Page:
The NFL Draft took place April 27th-29th, and Seattle held ten selections. They had needs here and there, but the most pressing issues were defensive line and offensive line. They were in luck as they held two picks in the first 20 selections, and there were quite a few options available to them, so it was doubtful they would pass on both needs with both picks.
With very highly regarded pass rushers and protectors on the board, the time to choose the player at #5 arrived, and the front office went another way. They decided to focus on the secondary and selected cornerback Devon Witherspoon.
Before we go any further, let me say this – Witherspoon is a really, really good player. He didn’t have a top-five grade going into the draft, and most experts had Seattle going with a different position entirely, but that doesn’t make it a bad pick, nor does it mean Witherspoon wasn’t worth that high a pick. But it was a strange sequence that few outside Seattle’s brain trust saw coming.
This isn’t to say Seattle didn’t need help in the secondary. Seattle allowed the 14th most passing yards in the NFL in 2022. You might look at that number and think, “That’s not bad.” And it’s not bad, but it’s not great. And you might also have been thinking they looked worse than that against the pass last year, and they did. They gave up chunk plays like it was a charity drive.
With 45 sacks, they were 9th in the league, which is pretty impressive considering they gave up more scores and first downs than half the league, with takeaways ranking in the top 20. It would be easy to look at those stats and think you’re set on the defensive line but need help in the secondary, but anyone watching games last year knew the defensive line wasn’t getting to the QB as often as their numbers would indicate. You don’t put massive pressure on the offense and give up a ton of yards and points. That’s not how it works.
Another way to grade the defensive line is to look at rushing numbers, and Seattle allowed the third most yards on the ground in the NFL in 2022, along with the 6th most scores. You might have good edge rushers, but those rushing numbers indicate the middle of your defense is incredibly soft. The interior of the line was so soft that some teams all but gave up passing in their game against Seattle, knowing the Seahawks couldn’t stop the run. Getting Bobby Wagner back may help patch the dam, but it won’t be as strong as it could be with an influx of very talented athletic monsters in the middle.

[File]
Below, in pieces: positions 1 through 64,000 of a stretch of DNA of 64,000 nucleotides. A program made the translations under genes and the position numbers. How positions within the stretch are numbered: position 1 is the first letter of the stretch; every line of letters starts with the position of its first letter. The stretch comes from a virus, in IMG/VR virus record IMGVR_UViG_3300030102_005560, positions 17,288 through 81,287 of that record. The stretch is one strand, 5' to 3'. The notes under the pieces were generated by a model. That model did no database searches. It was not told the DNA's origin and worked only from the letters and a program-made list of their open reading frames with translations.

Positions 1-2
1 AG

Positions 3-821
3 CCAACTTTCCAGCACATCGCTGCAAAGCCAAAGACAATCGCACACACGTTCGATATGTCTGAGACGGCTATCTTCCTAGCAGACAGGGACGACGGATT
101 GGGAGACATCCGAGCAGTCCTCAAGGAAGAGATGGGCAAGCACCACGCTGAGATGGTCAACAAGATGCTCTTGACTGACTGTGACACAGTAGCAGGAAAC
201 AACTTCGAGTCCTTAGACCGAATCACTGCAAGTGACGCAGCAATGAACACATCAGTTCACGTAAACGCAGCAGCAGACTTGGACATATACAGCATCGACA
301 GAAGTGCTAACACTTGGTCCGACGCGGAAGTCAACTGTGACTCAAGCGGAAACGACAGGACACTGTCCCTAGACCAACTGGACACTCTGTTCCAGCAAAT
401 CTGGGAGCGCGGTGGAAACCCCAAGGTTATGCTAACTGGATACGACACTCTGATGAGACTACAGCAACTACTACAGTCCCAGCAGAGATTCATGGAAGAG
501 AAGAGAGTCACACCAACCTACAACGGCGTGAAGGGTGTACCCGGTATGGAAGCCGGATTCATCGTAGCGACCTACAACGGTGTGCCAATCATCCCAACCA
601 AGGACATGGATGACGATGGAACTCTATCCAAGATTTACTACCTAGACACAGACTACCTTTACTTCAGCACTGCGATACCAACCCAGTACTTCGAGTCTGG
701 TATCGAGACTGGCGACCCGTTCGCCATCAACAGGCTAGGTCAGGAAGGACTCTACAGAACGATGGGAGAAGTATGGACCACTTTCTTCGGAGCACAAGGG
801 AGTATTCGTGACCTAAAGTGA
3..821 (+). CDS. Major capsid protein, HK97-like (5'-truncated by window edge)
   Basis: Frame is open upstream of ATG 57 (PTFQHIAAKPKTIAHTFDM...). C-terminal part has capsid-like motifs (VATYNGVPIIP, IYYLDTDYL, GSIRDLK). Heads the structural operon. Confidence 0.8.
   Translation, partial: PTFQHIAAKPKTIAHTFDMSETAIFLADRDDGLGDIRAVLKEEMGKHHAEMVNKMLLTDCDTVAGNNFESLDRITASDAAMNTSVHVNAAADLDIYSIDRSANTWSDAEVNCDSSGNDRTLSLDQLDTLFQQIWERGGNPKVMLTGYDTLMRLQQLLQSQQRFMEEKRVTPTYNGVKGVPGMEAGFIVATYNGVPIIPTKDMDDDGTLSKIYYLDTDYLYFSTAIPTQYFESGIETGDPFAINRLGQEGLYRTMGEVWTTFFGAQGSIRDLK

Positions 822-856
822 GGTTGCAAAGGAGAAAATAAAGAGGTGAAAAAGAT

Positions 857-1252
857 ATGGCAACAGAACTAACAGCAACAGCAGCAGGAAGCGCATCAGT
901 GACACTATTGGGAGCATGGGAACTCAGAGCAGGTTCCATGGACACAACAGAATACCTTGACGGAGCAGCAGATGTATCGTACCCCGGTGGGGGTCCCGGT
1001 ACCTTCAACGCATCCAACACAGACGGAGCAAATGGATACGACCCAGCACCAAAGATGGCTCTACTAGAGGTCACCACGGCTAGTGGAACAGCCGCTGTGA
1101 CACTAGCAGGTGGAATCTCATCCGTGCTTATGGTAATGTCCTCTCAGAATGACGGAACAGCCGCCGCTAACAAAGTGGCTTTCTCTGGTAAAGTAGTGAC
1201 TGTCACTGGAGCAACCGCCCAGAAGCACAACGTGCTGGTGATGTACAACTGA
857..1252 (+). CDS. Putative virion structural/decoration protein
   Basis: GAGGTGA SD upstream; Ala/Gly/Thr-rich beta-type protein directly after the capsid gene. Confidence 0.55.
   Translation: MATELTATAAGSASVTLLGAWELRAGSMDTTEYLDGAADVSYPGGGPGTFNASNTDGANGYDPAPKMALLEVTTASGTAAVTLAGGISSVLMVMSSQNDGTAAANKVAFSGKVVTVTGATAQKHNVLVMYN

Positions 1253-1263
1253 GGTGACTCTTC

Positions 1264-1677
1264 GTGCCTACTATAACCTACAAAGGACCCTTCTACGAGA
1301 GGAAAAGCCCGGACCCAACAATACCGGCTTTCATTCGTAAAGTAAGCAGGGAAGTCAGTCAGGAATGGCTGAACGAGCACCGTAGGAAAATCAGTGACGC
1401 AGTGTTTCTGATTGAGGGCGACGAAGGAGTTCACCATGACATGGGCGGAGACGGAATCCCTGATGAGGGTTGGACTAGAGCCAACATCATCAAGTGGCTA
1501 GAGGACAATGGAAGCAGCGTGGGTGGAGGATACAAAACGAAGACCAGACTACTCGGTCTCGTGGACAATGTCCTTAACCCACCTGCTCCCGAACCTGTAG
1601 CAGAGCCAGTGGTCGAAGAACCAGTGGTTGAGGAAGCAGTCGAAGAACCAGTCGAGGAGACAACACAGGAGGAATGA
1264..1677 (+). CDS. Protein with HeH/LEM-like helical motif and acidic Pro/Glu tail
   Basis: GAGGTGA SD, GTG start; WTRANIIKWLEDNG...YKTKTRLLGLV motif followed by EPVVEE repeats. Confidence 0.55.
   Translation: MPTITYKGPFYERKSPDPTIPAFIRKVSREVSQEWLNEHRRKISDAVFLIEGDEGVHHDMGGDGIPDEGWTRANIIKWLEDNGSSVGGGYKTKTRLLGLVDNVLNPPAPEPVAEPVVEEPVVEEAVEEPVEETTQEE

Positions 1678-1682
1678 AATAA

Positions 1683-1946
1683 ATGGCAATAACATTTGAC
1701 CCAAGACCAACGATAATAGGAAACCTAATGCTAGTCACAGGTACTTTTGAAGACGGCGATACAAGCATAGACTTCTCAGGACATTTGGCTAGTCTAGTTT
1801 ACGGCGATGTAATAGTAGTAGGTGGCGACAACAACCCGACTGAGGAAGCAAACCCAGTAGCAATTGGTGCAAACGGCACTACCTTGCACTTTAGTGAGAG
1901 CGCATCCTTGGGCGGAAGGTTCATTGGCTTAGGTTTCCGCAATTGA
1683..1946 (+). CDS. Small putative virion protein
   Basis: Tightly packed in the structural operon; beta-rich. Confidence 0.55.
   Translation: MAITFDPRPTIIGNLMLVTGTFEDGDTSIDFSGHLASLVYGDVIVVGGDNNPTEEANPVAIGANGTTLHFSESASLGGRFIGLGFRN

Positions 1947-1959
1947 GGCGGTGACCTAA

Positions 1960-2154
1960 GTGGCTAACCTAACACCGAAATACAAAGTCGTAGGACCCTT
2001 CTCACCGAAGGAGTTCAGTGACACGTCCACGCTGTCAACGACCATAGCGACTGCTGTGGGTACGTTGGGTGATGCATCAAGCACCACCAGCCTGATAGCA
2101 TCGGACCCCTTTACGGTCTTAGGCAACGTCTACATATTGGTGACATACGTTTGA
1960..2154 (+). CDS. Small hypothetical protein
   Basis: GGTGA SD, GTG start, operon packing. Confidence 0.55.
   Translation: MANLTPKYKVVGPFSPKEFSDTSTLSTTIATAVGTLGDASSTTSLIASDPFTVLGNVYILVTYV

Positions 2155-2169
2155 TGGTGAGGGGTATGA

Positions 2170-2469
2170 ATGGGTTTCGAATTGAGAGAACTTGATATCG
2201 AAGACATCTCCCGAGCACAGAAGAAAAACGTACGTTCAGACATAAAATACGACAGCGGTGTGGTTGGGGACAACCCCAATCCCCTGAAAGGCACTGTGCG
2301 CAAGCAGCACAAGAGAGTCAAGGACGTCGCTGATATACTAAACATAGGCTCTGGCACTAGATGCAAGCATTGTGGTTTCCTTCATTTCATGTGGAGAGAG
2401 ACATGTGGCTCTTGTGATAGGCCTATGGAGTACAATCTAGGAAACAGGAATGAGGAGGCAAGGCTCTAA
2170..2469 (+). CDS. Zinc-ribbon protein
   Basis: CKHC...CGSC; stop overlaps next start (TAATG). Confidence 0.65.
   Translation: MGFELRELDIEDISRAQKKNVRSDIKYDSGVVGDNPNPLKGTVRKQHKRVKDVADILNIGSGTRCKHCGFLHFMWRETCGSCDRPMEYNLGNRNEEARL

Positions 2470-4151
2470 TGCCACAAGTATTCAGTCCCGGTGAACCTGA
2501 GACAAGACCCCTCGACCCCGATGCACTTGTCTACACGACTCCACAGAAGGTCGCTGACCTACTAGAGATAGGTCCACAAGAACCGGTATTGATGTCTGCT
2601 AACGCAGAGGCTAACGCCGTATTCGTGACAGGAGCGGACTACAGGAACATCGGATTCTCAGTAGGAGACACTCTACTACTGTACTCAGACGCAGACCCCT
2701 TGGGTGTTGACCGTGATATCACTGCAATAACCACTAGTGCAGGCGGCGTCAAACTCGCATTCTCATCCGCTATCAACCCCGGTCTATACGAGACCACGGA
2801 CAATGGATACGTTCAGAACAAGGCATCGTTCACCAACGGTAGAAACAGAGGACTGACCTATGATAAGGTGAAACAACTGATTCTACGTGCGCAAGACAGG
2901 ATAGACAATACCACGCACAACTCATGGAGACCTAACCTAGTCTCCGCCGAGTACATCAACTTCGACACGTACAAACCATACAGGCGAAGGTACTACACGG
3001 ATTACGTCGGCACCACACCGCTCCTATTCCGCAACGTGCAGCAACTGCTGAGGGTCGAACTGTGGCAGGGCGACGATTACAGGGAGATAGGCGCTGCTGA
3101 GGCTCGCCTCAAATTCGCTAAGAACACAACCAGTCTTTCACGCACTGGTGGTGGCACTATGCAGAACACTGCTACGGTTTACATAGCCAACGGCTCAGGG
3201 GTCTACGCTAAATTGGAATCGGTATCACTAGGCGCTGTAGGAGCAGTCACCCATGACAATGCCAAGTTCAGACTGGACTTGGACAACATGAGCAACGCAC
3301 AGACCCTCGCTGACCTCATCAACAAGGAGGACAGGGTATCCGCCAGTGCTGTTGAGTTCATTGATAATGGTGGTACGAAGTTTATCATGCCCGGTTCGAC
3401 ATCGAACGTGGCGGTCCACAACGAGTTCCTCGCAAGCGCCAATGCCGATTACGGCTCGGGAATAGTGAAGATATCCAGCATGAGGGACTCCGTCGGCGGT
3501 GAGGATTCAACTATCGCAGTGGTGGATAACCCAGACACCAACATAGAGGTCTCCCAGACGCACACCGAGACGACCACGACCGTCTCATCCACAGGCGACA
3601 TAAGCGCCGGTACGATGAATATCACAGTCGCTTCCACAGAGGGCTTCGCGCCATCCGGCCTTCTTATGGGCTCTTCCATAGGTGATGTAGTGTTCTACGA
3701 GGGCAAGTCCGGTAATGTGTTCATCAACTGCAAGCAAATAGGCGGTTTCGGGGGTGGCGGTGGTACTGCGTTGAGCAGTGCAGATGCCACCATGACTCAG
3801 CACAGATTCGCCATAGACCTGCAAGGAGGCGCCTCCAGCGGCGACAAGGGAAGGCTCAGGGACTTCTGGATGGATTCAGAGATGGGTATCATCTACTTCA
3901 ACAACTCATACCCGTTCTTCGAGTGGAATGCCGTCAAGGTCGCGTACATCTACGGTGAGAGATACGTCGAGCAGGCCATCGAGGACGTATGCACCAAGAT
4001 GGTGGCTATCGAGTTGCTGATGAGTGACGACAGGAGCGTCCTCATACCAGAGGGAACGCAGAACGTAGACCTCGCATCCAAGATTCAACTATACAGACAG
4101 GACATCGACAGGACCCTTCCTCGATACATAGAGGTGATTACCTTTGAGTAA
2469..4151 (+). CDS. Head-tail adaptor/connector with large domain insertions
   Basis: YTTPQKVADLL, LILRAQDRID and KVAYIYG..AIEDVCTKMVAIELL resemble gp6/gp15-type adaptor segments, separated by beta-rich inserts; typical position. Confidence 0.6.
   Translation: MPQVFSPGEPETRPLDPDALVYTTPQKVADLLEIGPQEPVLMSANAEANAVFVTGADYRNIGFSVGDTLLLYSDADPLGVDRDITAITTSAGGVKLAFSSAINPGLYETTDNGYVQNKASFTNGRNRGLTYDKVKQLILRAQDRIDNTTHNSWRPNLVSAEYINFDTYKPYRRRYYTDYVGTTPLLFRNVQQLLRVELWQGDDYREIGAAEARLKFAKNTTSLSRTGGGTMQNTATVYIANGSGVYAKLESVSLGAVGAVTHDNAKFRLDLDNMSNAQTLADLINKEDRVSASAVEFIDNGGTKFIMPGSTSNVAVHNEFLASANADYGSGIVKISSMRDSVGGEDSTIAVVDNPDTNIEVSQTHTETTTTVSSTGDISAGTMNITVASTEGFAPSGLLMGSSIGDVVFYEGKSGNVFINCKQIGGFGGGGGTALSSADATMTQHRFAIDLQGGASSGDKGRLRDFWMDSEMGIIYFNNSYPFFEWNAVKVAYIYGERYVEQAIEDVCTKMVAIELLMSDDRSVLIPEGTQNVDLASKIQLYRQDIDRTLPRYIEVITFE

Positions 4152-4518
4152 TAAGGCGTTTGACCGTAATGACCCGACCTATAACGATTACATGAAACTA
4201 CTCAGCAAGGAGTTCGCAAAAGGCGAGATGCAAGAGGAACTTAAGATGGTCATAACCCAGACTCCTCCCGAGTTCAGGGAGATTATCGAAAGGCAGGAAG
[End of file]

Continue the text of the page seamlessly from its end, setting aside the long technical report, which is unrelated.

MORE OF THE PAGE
The rule with defense is that a better pass rush requires less coverage time from your secondary, and the better the pressure, the more likely the opposing QB will make mistakes. It doesn’t matter how good your corners and safeties are if they have to try and disrupt routes and shadow receivers for more than a few seconds. Someone is going to get open; that’s the rule. You have to reduce the amount of time the great athletes on offense have to get themselves in position with the rules tipping in their favor on every single down.
When Seattle won the Super Bowl in 2013, they had a great pass rush that forced the ball into their great secondary early, so even if the QB avoided a sack, they didn’t necessarily avoid a turnover. That’s the kind of pressure Seattle needs to build each and every drive, and if they’re not doing that, then they are leaving their secondary hung out to dry. The funny thing? They didn’t lead the NFL in sacks that year, not even close. They had sixteen fewer sacks than the team with the most sacks in 2013. But Seattle was money when it counted, as just one team gave up fewer first downs, and Seattle had the second-fewest scores and the most interceptions.
They weren’t just a good pass defense; they also allowed the 7th fewest rushing yards along with the fewest rushing scores. That defensive line never quit, they never let the offense get what they wanted, and they made their lives hell for 60 minutes weekly.
You bring down your opponent by making them think the hits are coming even when the hits don’t actually arrive. You want them to fear what you can do to them and their chances every single play. Now you might be thinking it’s unfair to compare this defense to 2013, and you’re right. So what about 2012?